April 15, 2021

Harsh Sentence

United States v. Briggs

United States District Court for the Eastern District of Pennsylvania

2021 U.S. Dist. LEXIS 71790

Unduly harsh sentence leads to reconsideration and compassionate release 

On March 18, 2008, the Court sentenced Syeed Briggs to 32 years imprisonment on two armed robbery counts, and one day of imprisonment to a charge of conspiracy to commit bank robbery. The laws in place at that time led for the sentences against Briggs to be “stacked”, resulting in lengthy prison stays. At the time of sentencing, the court expressed openly that the sentence imposed was unduly harsh. 

Briggs requested compassionate release due to the excessive nature of his harsh sentence. In its consideration of the case, the court concluded that Briggs does not pose a danger to the community. During his incarceration, Briggs has completed over 200 hours of education on various topics, including 69 hours of Release Preparation Programs, which are designed to prepare inmates for reentry into society. He also worked as a laundry presser for seven years during his incarceration and held a position in food service for three years.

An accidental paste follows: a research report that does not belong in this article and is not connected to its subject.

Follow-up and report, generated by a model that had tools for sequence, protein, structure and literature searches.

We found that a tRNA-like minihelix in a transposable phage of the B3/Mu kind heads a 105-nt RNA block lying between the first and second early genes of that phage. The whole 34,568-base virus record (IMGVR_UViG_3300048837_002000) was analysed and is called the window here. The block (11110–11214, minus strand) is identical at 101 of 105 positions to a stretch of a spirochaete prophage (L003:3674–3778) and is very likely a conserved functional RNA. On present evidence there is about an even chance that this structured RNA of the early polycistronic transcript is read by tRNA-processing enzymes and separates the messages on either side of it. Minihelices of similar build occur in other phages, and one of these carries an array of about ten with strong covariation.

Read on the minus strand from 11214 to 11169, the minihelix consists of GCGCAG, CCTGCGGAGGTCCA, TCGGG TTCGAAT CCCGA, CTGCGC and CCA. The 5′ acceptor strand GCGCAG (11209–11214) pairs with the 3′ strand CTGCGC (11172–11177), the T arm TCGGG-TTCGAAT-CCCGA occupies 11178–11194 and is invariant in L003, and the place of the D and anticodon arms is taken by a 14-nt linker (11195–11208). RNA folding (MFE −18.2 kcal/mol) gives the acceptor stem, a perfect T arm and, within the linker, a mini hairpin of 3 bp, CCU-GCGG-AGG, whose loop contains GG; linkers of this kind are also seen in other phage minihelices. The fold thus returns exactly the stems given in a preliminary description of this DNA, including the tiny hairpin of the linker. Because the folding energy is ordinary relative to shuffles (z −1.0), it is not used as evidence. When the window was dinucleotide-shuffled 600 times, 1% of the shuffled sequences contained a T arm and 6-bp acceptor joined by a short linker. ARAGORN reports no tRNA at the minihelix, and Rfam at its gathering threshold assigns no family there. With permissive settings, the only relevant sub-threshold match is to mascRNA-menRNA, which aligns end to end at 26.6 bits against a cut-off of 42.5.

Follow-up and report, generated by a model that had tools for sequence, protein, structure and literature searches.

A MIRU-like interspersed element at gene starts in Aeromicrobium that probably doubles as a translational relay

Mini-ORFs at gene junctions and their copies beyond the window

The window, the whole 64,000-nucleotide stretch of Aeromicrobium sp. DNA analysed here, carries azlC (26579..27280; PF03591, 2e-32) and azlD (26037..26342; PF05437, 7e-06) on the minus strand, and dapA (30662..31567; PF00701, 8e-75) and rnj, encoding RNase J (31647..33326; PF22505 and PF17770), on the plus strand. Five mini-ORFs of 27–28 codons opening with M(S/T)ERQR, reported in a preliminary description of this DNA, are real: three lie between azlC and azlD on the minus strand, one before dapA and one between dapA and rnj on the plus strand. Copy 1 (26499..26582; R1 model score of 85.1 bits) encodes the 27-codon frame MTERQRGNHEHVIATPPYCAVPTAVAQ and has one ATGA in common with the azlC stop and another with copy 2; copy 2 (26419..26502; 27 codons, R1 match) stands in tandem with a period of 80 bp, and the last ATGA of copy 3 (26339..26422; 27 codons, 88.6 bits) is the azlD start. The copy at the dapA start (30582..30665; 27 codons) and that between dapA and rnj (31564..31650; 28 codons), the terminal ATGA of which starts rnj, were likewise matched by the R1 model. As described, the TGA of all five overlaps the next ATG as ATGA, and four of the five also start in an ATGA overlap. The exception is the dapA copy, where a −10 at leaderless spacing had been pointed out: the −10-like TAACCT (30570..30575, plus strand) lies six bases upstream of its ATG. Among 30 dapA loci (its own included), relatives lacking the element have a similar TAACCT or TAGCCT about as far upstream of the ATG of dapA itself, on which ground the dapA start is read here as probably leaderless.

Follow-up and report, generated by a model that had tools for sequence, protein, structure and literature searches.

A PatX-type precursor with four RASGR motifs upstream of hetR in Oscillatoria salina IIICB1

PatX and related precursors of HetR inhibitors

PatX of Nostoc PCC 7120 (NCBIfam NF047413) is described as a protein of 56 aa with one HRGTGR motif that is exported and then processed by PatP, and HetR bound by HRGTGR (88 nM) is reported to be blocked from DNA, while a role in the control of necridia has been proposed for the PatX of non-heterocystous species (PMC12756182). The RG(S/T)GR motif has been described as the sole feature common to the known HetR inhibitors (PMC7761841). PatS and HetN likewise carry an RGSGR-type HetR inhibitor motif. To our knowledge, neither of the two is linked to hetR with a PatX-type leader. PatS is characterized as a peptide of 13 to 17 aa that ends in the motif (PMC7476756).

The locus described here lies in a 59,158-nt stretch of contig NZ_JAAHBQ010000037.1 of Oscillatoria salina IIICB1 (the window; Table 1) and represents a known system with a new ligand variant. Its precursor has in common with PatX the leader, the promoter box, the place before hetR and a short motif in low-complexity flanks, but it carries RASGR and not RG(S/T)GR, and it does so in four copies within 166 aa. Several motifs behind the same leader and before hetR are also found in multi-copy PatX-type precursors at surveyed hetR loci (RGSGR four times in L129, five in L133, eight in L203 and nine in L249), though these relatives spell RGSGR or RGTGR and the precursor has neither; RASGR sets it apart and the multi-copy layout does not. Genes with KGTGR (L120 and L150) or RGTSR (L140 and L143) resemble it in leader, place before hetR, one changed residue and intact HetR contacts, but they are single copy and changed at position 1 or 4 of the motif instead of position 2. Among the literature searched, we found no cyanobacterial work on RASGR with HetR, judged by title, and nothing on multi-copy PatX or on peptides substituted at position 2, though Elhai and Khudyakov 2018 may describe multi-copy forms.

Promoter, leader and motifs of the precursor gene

He has maintained strong ties with his family members, including his four children, and is eager to develop a greater presence in their lives. His mother and step-father will provide him a home upon his release and his step-father has offered him a position in his landscaping business. Briggs was relatively young at the time of the offenses of conviction—26 years old. He is presently 40 years old. The Court recognizes that young offenders who dedicate themselves to self-improvement while in prison have the potential to become fully rehabilitated upon release, significantly diminishing their likelihood of recidivating.

In the end, the Court concluded that Briggs has sufficiently demonstrated an understanding of the serious nature of his crimes, remorse for his actions, and a commitment to doing better. The court stated that the severity of Briggs’s harsh sentence, combined with Briggs’s marked rehabilitation and good behavior in prison, provides an extraordinary and compelling reason to grant his request for compassionate release